President Reagan, and many of those in charge of various programs for the elderly at the state and local level, may be on a political collision course over his proposed fiscal 1984 federal budget.
The administration has given assurances that the new spending plan, which begins Oct. 1, will leave the nation's growing senior citizen population, especially the most needy, better off. But budget critics are convinced not enough funds will be provided.
Of particular concern are not only the potential impact of the proposed six-month delays in the cost-of-living increases on social security, supplemental security income (SSI), and food stamps, but also various changes in eligibility requirements involving both medicare and medicaid.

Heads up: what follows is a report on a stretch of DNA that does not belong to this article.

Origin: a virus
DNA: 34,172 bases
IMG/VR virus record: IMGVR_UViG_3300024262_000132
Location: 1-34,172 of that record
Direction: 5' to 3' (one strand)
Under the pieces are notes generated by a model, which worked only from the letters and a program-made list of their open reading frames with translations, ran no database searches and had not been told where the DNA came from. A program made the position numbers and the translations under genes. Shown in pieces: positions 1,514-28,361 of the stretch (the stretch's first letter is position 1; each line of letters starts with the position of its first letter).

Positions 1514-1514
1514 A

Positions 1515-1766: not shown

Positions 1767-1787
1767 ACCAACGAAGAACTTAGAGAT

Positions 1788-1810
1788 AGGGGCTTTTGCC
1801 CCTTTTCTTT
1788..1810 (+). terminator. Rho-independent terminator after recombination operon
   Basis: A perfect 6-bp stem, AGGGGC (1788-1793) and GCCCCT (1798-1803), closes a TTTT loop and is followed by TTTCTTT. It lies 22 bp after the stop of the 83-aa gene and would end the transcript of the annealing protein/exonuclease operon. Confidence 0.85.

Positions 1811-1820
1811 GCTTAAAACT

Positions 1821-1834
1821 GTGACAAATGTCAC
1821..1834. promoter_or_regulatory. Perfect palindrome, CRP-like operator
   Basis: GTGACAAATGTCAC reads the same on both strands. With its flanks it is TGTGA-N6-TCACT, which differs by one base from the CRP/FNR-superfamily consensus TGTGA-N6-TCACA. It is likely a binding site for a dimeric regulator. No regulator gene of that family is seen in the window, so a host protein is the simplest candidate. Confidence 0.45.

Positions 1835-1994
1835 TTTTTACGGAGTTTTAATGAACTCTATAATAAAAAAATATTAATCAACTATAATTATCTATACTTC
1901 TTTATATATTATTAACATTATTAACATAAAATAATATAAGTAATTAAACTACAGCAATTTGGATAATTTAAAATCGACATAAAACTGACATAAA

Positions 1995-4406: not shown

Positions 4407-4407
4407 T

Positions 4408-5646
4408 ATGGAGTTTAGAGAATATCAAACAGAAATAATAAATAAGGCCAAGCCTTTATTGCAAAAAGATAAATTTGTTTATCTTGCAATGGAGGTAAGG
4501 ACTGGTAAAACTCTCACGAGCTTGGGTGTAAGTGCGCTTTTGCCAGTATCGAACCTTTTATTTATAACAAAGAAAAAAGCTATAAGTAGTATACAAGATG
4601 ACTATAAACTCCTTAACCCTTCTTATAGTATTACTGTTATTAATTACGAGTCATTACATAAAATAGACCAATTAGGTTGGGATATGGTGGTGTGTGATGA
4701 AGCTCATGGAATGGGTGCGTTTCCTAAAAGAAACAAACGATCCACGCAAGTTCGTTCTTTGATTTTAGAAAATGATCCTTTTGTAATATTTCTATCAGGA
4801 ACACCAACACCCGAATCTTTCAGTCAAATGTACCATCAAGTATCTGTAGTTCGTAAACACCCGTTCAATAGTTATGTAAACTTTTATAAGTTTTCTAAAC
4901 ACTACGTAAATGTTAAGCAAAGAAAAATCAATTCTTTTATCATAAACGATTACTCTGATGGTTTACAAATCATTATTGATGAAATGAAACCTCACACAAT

Without major changes, President Reagan's proposed $848.5 billion budget ''can't help but cause tragedy for many elderly persons,'' says Lou Glasse, director of New York State's Department on Aging.
Mrs. Glasse, whose state has 2.2 million residents 65 or older, holds that proposed cuts in funding for medicare, medicaid, SSI, food stamps, energy assistance, meals, and other programs will make it harder for the elderly to get by. Particularly hard hit, she warns, would be the older Americans, including some 700,000 in New York, whose only income is from social security and who are already facing a possible six-month delay in cost-of-living adjustments.
Reagan administration officials vehemently deny that their proposals, except for the delays in social security and food-stamp cost-of-living increases, would have more than a minuscule impact on the elderly.